Data were analyzed using IBM SPSS advanced statistics version 20 (SPSS Inc., Chicago, IL, USA). Numerical data were expressed as mean and standard deviation or median and range as appropriate. Qualitative data were expressed as frequency and percentage. Chi-square test (Fisher's exact test) was used to examine the relation between qualitative variables. The ROC curve was used to identify the best threshold for thyroid uptake to discriminate the success and failure of the radioactive iodine (RAI)-131 therapy. Multivariate analysis was done using forward stepwise logistic regression method for the significant factors affecting development of hypothyroidism on univariate analysis. Odds ratio with 95% confidence interval (CI) was used for risk estimation. P < 0.05 was considered significant.


   Results Top


Pre-therapy clinical characteristics and commonly presenting symptoms for the patients are listed in [Table 1]. Out of the 272 patients, 173 (63.6%) were females and the remaining 99 (36.4%) were males. Two hundred and fifteen patients (79%) were ̤50 years while the remaining 57 patients (21%) were in the older age group (>50 years), with a mean age 40.8 ± 12.4 (range 16-70 years). Two hundred and twenty one (81.3%) patients received methimazole before 131 I therapy and 82 (30.1%) had clinical evidence of ophthalmopathy. Mean % pretherapy 99m Tc pertechnetate thyroid uptake was uptake 16.5 ± 11 (range 3.8–52).
Table 1: Clinical characteristics of Graves' disease patients according to radioactive iodine-131 activity

Click here to view


Thyroid uptake was analyzed using the ROC curve to discriminate the group of patients who achieved success with the treatment (euthyroidism or hypothyroidism) from the group that remained hyperthyroid (treatment failure) and we found a thyroid uptake threshold of 12.5% with a sensitivity of 60% and specificity of 47.6% for treatment success, area under curve was 0.58 [Figure 1]. We were unable to find an adequate cutoff value for the baseline TSH level.
Figure 1: Receiver operating characteristic curve for 99mTc pertechnetate thyroid uptake in relation to response to radioiodine therapy

Click here to view


One hundred and two patients (37.5%) developed hypothyroidism following the first activity of 131 I and 50 patients (18.4%) became euthyroid. One hundred and twenty patients (44.1%) had persistent thyrotoxicosis and required second activity of 131 I, following which 28 patients (23.3%) developed hypothyroidism, 76 (63.3%) became euthyroid, and 16 (13.3%) patients required a third activity of 131 I. The third activity controlled 13 patients with development of hypothyroidism in 6 (37.5%) of them and euthyroidism in the remaining 7 (43.8%). The fourth activity controlled the remaining three patients, out of whom two developed hypothyroidism and the third one became euthyroid.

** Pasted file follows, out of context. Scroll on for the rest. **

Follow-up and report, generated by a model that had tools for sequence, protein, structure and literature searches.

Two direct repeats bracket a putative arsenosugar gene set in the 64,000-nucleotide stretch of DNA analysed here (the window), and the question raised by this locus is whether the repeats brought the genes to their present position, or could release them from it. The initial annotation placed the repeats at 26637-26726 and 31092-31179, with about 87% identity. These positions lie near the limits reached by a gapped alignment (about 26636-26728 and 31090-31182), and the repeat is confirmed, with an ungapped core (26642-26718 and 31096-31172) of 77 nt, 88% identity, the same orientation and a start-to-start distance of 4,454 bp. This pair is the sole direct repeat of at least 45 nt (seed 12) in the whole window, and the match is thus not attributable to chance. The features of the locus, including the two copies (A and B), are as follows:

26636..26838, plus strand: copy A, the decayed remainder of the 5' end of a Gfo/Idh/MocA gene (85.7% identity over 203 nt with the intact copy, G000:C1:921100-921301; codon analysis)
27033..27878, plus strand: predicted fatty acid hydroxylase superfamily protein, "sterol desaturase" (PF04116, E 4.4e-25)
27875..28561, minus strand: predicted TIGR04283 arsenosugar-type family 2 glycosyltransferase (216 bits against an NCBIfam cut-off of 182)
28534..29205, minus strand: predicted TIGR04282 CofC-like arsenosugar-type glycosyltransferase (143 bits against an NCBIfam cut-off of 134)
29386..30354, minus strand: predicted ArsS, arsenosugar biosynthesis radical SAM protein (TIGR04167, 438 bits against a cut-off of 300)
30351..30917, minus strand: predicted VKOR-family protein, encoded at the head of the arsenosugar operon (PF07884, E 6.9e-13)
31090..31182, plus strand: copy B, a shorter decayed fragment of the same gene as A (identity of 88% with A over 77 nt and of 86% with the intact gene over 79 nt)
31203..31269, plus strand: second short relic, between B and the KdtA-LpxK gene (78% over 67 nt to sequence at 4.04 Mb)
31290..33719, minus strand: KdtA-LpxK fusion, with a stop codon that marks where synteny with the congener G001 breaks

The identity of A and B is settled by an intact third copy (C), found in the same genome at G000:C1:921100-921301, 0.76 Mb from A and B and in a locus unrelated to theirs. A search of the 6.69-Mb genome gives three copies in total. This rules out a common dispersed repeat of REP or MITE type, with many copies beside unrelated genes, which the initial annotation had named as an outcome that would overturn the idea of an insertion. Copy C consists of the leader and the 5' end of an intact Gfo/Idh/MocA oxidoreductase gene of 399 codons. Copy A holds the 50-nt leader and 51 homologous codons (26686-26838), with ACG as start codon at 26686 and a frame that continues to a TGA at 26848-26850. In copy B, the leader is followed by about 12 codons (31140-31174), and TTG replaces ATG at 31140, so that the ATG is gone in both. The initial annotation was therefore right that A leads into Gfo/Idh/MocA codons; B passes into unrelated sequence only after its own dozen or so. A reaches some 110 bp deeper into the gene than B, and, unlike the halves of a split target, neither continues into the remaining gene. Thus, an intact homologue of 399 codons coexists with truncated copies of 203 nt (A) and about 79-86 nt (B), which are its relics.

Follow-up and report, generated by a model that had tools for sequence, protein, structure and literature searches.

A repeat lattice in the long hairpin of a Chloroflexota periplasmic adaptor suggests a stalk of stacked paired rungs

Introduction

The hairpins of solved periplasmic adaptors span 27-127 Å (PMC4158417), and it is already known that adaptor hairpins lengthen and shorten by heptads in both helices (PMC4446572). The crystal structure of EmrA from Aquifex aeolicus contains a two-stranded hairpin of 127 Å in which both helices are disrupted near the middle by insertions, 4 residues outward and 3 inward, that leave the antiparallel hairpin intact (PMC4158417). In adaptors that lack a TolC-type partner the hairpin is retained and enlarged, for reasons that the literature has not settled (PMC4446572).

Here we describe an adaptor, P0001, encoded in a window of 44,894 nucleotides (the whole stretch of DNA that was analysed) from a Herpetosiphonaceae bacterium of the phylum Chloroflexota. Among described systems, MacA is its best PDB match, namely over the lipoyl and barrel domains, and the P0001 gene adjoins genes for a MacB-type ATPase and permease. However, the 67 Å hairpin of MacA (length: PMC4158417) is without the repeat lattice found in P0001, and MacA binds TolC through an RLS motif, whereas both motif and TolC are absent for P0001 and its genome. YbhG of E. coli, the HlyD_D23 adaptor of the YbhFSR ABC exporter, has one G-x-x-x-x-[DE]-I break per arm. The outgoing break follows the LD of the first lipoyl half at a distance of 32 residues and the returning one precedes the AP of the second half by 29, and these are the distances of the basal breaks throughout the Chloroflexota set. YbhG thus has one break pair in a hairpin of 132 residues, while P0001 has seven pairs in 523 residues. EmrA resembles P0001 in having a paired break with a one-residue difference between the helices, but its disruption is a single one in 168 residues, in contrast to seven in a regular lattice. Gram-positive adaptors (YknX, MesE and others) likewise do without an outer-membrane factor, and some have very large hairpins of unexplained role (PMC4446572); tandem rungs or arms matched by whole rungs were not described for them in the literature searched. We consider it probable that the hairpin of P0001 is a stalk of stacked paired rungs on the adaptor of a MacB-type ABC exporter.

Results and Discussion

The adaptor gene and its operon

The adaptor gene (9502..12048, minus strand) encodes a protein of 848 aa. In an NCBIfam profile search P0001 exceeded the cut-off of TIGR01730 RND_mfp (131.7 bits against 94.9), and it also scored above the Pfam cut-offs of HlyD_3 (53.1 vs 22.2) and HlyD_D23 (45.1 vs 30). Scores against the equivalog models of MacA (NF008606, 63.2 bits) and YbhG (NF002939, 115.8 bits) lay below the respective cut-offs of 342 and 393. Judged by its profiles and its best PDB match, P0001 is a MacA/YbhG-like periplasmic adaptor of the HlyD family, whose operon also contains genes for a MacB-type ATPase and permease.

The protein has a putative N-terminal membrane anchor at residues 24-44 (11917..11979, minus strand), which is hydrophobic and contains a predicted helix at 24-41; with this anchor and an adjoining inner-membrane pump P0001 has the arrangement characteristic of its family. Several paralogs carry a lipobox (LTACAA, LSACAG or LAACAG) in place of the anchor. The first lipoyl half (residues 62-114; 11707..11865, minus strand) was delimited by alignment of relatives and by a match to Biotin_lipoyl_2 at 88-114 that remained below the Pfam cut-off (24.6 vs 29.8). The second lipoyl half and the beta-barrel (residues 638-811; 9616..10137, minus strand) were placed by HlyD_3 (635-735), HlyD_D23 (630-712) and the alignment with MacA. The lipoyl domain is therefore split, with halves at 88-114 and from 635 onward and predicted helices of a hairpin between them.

The results of Chi-square analysis are presented in [Table 2a] and [Table 2b]. The activity and the goiter size were the factors that significantly affect the development of hypothyroidism following the first activity where a higher percentage of patients receiving higher dose of 131 I (555MBq) developed hypothyroidism (48.3%), and a lower percentage patients remained hyperthyroid (32%) compared to those who received 370 MBq (24.8% and 58.4%, respectively; P < 0.001), and a higher proportion of patients with normal sized and mildly enlarged thyroid gland developed hypothyroidism (51.4%) compared with patients with moderately and markedly enlarged thyroid gland (34.1%), whereas the frequency of persistent hyperthyroidism was significantly higher in the latter group of patients (48.3%) compared with the former group (25.7%; P = 0.004).
Table 2a: Comparison between responses after first activity between two groups in relation to risk factors

Click here to view
Table 2b: Comparison between two groups regarding the development of hypothyroidism in relation to risk factors

Click here to view


Multiple logistic regression analysis demonstrated that administered high activity (555 MBq) and average sized and mildly enlarged gland increase incidence of hypothyroidism by 2.95 and 2.58 times, respectively (95% CI = 1.68–5.2 and 1.43–4.67, respectively). Age, gender, presence of exophthalmos,99m Tc pertechnetate thyroid uptake, and previous medical treatment and its duration had no statistically significant effects on the development of hypothyroidism with different P values (0.847, 0.416, 0.306, 0.186, 0.968, and 0.639).

Response to second activity

One hundred and twenty patients who did not respond to the first activity were given the second activity after a mean time of 6.77 months (minimum 3 months and maximum 12 months). Among them 59 patients received 370 MBq and 61 received 555 MBq. A significantly high proportion of patients develop euthyroidism after the second activity, which was an increase of 44.9% compared to the first activity. Hypothyroidism did not increase following the second activity where it developed in 28 patients (23.3%) compared to 37.5% after the first activity, whereas persistent hyperthyroidism was noted in 16 patients (13.3%).